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Discovery Channel Telescope – Technical Information

Technical

Overview of Secondary Mirror

The DCT 1.4-meter secondary mirror (M2) allows astronomers to conduct research utilizing a suite of instrumentation in the Ritchey-Chrétien mode. The original M2 blank, fabricated by Corning, Inc., was made of fused silica, a specialized glass characterized by a low coefficient of thermal expansion and therefore a preferred material for telescope optics. Prior to polishing and figuring, the blank must undergo a special machining process called lightweighting. Lightweighting involves grinding out 85 variably-sized pockets of glass in a honeycomb pattern from the backside of the mirror blank thus rendering it 50% lighter -- a finished weight of approximately 500 pounds. Less weight makes the mirror stiffer and more stable, which in turn reduces the complexity and cost of its mounting mechanisms. Lightweighting also reduces the mirror’s thermal mass which mitigates seeing problems and improves optical performance.

gr/M2LWFinished.jpg

Pictured here is the 1.4-meter lightweighted DCT secondary mirror (M2) blank.

The M2 prefabrication and lightweighting contract was awarded to Optical Surface Technologies, LLC (OST) in Albuquerque, NM, who began work on the original Corning fused silica blank in July 2008. In mid-May 2009, OST's lightweighting subcontractor, Mindrum Precision, was nearly 90% complete with lightweight machining when disaster struck. Excessive tooling force on the backside of the M2 caused a fracture on the face sheet under the pocket being machined. The damage, unfortunately, was irreparable. As such, Lowell was obligated to procure a replacement M2 blank, this one a fused quartz piece from Momentive Performance Materials in Ohio. Momentive delivered the new M2 blank to OST in June 2009 for initial curve generation and acid etching. Meanwhile, engineers from OST, Mindrum, and Lowell collaboratively designed an improved support system for the M2 to mitigate the risk of another breakage. On August 26, OST shipped the M2 to Mindrum who began machining the first pocket on September 2, 2009.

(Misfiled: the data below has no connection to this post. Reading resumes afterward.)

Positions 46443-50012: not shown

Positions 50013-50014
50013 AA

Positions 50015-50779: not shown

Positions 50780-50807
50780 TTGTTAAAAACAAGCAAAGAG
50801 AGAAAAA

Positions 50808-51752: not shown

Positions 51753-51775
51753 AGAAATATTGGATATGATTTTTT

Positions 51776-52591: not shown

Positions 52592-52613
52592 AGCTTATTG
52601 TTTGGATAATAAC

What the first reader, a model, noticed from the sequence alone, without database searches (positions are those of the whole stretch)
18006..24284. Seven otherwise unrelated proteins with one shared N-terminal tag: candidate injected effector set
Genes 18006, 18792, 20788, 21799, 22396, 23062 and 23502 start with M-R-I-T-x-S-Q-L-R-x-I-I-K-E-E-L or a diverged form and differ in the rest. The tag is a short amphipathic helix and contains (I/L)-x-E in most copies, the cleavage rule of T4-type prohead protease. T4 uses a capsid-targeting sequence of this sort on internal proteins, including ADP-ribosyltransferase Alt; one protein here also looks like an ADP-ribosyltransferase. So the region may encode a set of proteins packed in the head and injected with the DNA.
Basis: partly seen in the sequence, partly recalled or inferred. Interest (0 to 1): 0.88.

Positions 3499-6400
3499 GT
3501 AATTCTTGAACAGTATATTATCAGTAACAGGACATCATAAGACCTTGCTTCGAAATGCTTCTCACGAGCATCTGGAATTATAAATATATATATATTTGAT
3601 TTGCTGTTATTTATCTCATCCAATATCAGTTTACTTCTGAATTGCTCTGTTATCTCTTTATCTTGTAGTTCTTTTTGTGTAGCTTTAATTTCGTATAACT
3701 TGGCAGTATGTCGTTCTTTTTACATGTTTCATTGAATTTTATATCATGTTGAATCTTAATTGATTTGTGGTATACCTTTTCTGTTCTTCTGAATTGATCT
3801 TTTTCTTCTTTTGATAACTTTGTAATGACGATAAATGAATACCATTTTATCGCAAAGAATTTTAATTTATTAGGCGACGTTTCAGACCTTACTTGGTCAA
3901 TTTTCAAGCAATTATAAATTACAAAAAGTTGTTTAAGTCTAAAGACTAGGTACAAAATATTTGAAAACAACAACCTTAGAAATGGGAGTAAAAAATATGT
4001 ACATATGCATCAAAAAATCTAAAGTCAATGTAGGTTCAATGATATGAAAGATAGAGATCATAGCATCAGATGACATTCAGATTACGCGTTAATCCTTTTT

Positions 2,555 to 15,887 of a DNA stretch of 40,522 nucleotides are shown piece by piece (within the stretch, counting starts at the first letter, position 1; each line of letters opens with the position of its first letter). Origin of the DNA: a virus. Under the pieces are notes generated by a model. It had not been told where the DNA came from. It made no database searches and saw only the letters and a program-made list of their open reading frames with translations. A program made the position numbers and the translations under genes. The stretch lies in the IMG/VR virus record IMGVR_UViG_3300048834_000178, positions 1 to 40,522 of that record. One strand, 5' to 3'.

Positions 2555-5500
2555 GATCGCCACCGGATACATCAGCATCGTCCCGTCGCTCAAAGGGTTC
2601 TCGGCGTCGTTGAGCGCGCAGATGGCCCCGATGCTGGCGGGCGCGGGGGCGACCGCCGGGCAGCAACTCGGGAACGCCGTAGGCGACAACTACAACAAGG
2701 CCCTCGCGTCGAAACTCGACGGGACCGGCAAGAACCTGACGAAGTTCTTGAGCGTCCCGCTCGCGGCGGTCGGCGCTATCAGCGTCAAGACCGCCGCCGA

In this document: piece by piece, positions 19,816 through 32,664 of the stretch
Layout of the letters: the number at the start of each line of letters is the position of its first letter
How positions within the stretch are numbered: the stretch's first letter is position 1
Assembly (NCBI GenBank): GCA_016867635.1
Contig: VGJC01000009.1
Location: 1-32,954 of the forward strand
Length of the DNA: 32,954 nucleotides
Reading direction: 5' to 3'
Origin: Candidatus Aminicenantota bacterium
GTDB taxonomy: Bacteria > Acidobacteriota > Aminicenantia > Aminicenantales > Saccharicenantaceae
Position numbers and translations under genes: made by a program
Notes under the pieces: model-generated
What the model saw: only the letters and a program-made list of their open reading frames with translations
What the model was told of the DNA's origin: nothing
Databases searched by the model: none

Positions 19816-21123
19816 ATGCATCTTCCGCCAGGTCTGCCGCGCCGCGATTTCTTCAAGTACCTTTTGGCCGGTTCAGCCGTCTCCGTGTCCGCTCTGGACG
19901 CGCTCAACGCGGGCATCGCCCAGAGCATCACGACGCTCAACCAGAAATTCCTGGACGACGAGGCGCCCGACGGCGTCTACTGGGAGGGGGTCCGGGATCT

By the end of April 2010, M2 lightweighting was successfully completed. The lightweighted M2 is now at L3-Brashear in Pittsburgh, PA for final polishing and figuring. The DCT project team expects the completed M2 will be delivered to the Happy Jack site late summer 2011 for integration into the telescope.

Visit our public photo tour site to view more pictures of the secondary mirror lightweighting process.

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